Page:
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Price and higher graphics performance motivated Apple to keep the 13 ″ MacBook Pro with Core 2 Duo chip

For those who didn't believe Steve Jobs' email about the reasons that led Apple to maintain a MacBook Pro with (now old :-P) Core 2 Duo processors, the Ars Technica made an interesting analysis that explains the reasons for this by comparing the internal hardware of Ma's professional notebooks. Many wanted _all of them_ to be updated with the latest chips from Intel, but in the case of 13-inch models, it is clear that this was not possible due to costs and, mainly, maintenance of a respectable level of graphic performance.

MacBooks Pro aside, focused on game performance

Only to agree with those who hated Apple's initiative, a fact that equipping a 13-inch MacBook Pro with a Core i3 or i5 processor is possible. The problem is that, in this case, his entry price would be much higher than the users were used to paying in the past, it will be agreed that this notebook model is in the thick, but a good gateway for professional users due to the options of memory (up to 8GB) and storage (up to 512GB via SSD) that it offers.

With regard to graphics performance, the choice of Core 2 Duo emerges as another benefit. Through it, Apple has been able to offer integrated high-performance graphics to its users since the end of 2008, when it first adopted the NVIDIA GeForce 9400M. Now, with its successor (320M), the performance of these machines for games and tasks that make heavy use of the GPU has become much higher (as already reported) and greater battery life has been guaranteed for up to ten hours.

If Apple migrated the 13 ? MacBooks Pro to an Intel processor within the Core i3, i5 lines, the integrated graphics would necessarily be limited to those of the processors themselves and everyone knows that Intel does not match NVIDIA in this regard. Due to the judicial war that the two have been upholding in justice for months, it is not possible to use an integrated GPU without the requirements that the CPUs require, which would be a solution for the case of Apple.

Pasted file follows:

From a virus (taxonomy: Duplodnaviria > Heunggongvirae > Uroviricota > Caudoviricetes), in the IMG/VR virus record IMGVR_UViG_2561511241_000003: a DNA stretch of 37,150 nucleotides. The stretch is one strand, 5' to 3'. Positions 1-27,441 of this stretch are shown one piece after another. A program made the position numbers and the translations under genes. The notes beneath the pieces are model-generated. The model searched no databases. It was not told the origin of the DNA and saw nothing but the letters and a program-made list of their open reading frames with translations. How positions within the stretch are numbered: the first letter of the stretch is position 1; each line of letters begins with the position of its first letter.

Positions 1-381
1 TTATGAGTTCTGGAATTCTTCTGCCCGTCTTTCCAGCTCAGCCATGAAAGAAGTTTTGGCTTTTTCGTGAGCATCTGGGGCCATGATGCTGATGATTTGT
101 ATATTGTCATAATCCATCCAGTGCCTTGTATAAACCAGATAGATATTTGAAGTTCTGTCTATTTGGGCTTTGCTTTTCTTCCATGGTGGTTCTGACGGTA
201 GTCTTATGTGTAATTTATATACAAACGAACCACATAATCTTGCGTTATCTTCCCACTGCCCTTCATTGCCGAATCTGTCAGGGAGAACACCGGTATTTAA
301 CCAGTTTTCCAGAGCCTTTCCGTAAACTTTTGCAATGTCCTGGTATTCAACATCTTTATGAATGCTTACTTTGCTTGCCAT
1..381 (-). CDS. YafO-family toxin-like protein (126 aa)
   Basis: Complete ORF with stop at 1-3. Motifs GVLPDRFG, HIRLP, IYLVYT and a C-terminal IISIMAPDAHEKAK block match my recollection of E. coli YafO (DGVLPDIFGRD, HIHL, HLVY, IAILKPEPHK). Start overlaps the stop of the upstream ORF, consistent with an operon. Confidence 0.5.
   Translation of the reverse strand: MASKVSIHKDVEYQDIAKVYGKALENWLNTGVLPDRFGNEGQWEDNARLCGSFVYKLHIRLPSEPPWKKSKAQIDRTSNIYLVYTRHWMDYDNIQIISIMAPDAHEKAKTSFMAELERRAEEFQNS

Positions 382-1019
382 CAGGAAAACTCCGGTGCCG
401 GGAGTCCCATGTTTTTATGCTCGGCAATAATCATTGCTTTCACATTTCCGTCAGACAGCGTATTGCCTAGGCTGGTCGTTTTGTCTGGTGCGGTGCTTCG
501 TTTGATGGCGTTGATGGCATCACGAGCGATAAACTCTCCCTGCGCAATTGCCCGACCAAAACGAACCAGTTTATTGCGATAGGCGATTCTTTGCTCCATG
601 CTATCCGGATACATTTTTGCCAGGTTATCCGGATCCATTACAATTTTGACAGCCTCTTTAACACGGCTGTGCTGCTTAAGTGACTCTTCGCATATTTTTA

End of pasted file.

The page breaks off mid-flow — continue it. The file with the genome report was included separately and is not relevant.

Ah, but Apple could have put a dedicated GPU, as in other MacBooks Pro! Well, if she could do that, we?ll have 13 ? MacBooks Pro with two GPUs a long time ago. But there needs to be no electronics expert to conclude that, based on the internal layout of the previous generation of the laptop, there is no room for that.

MacBook Pro cards, with the Core 2 Duo processor highlighted in red and the 9400M and 9600M GT GPUs in green and blue. All of them were produced in 2009.

The new Intel chips with integrated graphics are bigger than the Core 2 Duo, so they fit well in the 15 ? and 17 ? MacBooks Pro when replacing the NVIDIA integrated GPU and maintaining a dedicated one for higher performance. However, in the case of the 13 ? model, even its previous generation was compacted to the limit; that way, it would be impossible to add another GPU to its internal layout unless Apple enlarged its motherboard and ignored the possibility of offering a ten-hour battery to its users, but that would not please either, right?

That's it, folks: when it comes to computer engineering, there's no way to work miracles. On the other hand, I wouldn't regret buying the smallest of MBPs at all: with the possibility of configuring it with an SSD and up to 8GB of memory, all the professional apps I use on a daily basis would be much faster than I'm used to noticing on a white MacBook which I have no intention of dropping for now.